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EU regulation delays threaten $50bn in UCITS funds

By Tom Brown
21 Sep 2019

Around $50bn of ABS may be trapped in undertakings for the collective investment in transferable securities (UCITS) funds across Europe, unable to be put to work if US securitizations are deemed uncompliant with EU regulation.

UCITS funds in Europe account for around $3tr worth of investment, around $500bn of which is denominated in dollars. According to market participants, approximately 10% of these are invested in ABS deals which are currently held in regulatory uncertainty due to delays around European legislation.

“It is a big change for us,” said Kyra Fecteau, vice president and investment strategist at Loomis, Sayles & Company. “It makes the understanding of US deals marketed to European investors subject to a lot of interpretation, and frankly, pretty confusing.”

The European standardisation criteria for securitization, called the ‘simple, transparent and standardized’ (STS) regulatory framework, came into place on January 1 of this year, and allowed all deals issued before 2019 to be grandfathered into the regime.

One clause in the new regime outlined UCITS funds as falling under the discretion of the new framework. But uncertainty around the new regulation is preventing fund managers from circumventing EU regulation and selling US deals to European investors.

UCITS fund providers who meet the standards are usually exempt from national regulation in individual European countries, but the new STS regulation standardized compliance across all EU countries, challenging the viability of UCITS funds as an investment vehicle in the continent.

“UCITS are in a place where we find it difficult to put risk on and are really in wind-down mode,” said Fecteau.

The European Securitisation Regulation stipulates that where [UCITS] are exposed to a securitisation that no longer meets the requirements provided for in the [Securitisation Regulation], they shall, in the best interest of the investors in the relevant UCITS, act and take corrective action”.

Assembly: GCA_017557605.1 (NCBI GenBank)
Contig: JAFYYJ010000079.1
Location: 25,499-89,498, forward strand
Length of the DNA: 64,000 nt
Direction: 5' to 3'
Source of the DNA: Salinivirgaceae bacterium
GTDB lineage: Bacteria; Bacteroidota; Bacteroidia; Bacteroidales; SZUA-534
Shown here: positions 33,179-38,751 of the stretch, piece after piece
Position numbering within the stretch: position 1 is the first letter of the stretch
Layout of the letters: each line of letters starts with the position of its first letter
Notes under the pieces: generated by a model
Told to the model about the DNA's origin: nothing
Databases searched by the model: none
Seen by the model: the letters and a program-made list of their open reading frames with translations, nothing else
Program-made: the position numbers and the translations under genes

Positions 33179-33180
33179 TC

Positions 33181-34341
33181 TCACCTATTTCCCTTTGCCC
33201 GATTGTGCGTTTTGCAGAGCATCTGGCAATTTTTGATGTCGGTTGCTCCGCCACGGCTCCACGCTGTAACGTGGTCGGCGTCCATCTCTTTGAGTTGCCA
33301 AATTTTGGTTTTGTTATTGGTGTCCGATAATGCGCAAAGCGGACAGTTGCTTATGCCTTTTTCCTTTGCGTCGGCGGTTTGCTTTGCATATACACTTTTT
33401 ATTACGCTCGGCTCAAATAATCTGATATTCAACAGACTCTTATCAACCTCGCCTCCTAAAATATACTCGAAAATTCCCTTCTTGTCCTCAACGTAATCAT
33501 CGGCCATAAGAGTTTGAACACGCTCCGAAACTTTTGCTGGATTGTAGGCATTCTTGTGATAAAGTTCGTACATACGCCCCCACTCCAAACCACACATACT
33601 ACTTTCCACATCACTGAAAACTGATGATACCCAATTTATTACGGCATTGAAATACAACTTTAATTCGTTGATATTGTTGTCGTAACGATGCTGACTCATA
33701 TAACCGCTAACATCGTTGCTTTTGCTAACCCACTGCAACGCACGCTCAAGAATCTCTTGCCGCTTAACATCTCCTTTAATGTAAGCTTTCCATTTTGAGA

A UCITS fund is expected to be able to purchase non-compliant securitizations that were issued before January 1, 2019, but cannot purchase non-compliant securitizations issued after the January implementation date.

“But if you assume that the vast majority of the ABS universe has a [weighted average life] of three years, and [2019] is already done, that opportunity set of viable investments is winding down very quickly,” said Fecteau.

If a formerly compliant securitization ceases to be compliant after January 1 2019, then the UCITS fund will be obliged to consider “corrective action”. This can include fines and even implies potential jail time, according to the provided deal documentation.

Managers are left uncertain as to whether current issuance will be compliant because not all of the regulatory standards have been finalized. The standards scheduled to clarify any ambiguity were delayed at the start of 2019, and further pushed back when a new European Parliament was elected in May.

The recent securitization regulation has been in the works since 2015 and UCITS funds have always been subject to some level of regulation, but the new clause represents the biggest change to US securitization investment in European in the new regulation, said panellists.

Michael Mazzuchi, partner at Cleary Gottleib, called the market separation an “unfortunate split” and said that such developments could market the “death knell” of integrated reporting requirements across the ABS market.

By Tom Brown
21 Sep 2019